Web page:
- From the island country of Fiji, researchers have described nine new, and four previously known, species of bees belong to the genus Homalictus, a group that’s not been taxonomically reviewed in Fiji for 40 years.
- Many Homalictus bee species either have very restricted distributions or are known only from single mountaintops, the researchers say, and could soon become extinct due to changes in climate and other environmental risks.
- The researchers underscore the need for repeated field surveys to document and describe species from Fiji before they are lost.
- One of the four previously described bee species may have already gone extinct, having not been recorded since 2010, despite extensive surveys in the area.
From the island country of Fiji in southern Pacific Ocean, researchers have described nine new, and four previously known, species of bees, their colors ranging from black to golden-green and metallic, with hints of purple iridescence. All the bees belong to the genus Homalictus Cockerell, a group that’s not been taxonomically reviewed in Fiji for 40 years, the researchers report in a new study.
Many Homalictus bee species either have very restricted distributions or are known only from single mountaintops, the researchers say, and could soon become extinct due to changes in climate and other environmental risks.
One such species is Homalictus terminalis, a new-to-science species of bee that’s only been recorded from Mount Batilamu on the largest island of Viti Levu. On the mountain, the bee seems to be restricted to the top 95 meters (312 feet) of the mountain peak, which lies at an elevation of 1,195 meters (3,921 feet) above sea level. In fact, the researchers named the bee “terminalis” to refer to the limited range of elevation and temperature within which the species occurs.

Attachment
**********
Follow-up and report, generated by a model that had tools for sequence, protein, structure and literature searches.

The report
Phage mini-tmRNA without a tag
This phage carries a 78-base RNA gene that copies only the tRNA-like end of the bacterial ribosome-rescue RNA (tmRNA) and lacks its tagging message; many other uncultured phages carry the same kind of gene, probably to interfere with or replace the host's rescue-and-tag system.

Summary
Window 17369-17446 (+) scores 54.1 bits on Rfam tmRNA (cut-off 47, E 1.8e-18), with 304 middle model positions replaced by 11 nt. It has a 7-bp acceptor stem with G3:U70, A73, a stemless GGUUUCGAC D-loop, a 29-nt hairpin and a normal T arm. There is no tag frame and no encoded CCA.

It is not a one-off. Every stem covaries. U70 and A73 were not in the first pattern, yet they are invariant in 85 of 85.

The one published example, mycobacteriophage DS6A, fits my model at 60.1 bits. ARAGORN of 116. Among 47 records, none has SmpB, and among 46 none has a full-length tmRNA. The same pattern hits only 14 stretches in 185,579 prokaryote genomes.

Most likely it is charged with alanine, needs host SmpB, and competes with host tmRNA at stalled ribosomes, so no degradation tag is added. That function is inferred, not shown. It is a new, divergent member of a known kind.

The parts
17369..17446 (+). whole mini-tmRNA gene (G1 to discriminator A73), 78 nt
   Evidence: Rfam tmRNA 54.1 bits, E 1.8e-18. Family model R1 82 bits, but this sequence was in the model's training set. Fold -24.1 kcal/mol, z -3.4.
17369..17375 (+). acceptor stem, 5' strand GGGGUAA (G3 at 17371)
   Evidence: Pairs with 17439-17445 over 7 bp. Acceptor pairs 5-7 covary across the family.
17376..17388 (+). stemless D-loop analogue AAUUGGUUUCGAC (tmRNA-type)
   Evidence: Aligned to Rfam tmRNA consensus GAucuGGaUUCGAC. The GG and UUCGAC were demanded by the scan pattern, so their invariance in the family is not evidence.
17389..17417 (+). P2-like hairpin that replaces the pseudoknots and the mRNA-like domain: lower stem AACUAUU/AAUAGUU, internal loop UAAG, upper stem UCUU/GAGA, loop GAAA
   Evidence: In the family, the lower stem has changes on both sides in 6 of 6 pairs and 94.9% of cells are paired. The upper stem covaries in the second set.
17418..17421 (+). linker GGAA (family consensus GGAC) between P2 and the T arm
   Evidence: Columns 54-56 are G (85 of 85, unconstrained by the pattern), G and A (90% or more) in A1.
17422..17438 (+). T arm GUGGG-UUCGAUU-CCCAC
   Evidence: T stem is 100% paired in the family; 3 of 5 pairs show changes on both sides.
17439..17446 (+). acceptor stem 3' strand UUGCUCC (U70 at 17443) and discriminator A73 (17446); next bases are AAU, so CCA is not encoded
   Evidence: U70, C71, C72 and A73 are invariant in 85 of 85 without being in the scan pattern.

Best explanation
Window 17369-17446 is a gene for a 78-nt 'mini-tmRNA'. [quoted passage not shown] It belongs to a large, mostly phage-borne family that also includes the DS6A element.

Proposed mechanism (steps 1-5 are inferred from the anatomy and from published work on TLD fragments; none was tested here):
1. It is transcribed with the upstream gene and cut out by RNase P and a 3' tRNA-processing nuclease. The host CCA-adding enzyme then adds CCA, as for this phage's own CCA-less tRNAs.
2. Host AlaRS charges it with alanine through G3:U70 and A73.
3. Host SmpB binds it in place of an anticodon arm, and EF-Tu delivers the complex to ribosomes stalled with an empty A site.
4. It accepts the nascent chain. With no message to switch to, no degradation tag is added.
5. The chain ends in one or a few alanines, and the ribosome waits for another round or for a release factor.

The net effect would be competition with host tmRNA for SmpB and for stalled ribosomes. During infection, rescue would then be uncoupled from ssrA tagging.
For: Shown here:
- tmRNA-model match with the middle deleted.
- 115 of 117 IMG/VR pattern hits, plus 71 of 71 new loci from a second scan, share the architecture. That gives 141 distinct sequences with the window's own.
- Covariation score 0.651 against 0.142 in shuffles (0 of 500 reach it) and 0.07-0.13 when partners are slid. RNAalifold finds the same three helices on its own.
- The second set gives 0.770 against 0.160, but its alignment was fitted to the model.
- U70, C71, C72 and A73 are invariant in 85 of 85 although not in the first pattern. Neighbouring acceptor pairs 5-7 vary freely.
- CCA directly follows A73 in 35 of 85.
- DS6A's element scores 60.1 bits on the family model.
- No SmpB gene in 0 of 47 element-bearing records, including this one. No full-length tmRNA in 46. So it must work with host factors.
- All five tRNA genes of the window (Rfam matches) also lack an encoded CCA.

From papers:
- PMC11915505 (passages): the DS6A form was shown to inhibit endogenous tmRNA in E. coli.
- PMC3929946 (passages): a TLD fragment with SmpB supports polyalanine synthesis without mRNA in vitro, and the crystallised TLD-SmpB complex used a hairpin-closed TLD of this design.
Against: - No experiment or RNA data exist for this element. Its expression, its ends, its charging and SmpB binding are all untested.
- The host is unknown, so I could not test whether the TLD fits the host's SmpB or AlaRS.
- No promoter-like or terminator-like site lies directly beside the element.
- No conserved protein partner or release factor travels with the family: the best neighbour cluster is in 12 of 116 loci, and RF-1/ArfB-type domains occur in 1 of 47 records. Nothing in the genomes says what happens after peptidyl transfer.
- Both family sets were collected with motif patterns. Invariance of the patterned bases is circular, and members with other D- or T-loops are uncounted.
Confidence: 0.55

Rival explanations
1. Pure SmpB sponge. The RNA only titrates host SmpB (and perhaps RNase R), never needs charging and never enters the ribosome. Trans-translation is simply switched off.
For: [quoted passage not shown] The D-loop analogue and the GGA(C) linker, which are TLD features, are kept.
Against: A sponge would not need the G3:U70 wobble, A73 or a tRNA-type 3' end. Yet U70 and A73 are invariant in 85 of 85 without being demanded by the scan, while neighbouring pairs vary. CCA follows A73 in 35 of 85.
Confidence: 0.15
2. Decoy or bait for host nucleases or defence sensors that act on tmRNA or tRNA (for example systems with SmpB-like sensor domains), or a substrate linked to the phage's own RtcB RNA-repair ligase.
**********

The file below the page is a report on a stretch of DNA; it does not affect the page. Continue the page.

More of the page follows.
“Homalictus terminalis is named so to indicate that, like many Fijian bees, it is nearing its limit and is at risk of climate-related extinction,” James Dorey, lead author of the study and a graduate student at Flinders University, Australia, said in a statement.
Another newly described species, H. ostridorsum, has only been documented on Mount Tomanivi, the highest mountain in Fiji on Viti Levu, while H. taveuni is named after the island of Taveuni, the only place it is known from.
Of the four Homalictus species previously described from Fiji, one species, formally known as H. achrostus, may already be extinct.
Researchers had collected six specimens of the bee from Mount Nadarivatu in 1978, followed by two more specimens in 2010. But the bees haven’t been recorded since then, despite extensive surveys in the area, the researchers say.
“A likely driver of this possible extinction is changing climates,” Michael Schwarz, co-author of the study and associate professor at Flinders University, said in the statement. “The cooler climate of the Fijian highlands could be slowly pushed upwards and off the top of the mountains bringing with it the species that require this climatic refuge. With H. achrostus one of the four previously described species of endemic bee in Fiji, this raises real concerns about the extinction of many highland species in Fiji and across all of the tropics.”
Given the restricted distribution of many Homalictus species, and the threats they face, the researchers underscore the need for repeated field surveys.
“These field trips have allowed us to redescribe four known species and describe nine new ones, bringing the number of endemic Homalictus in Fiji to 13 species,” said Mark Stevens, a senior research scientist at the South Australian Museum and a co-author of the paper. “Most of the species diversity (11 species) live 800 metres [2,625 feet] or more above sea level, which highlights the vulnerability of highland-restricted species to a warming climate.”
Dorey, J. B., Schwarz, M. P. and Stevens, M. I. (2019) Review of the bee genus Homalictus Cockerell (Hymenoptera: Halictidae) from Fiji with description of nine new species. Zootaxa, 4674(1), 1-46. doi:10.11646/zootaxa.4674.1.1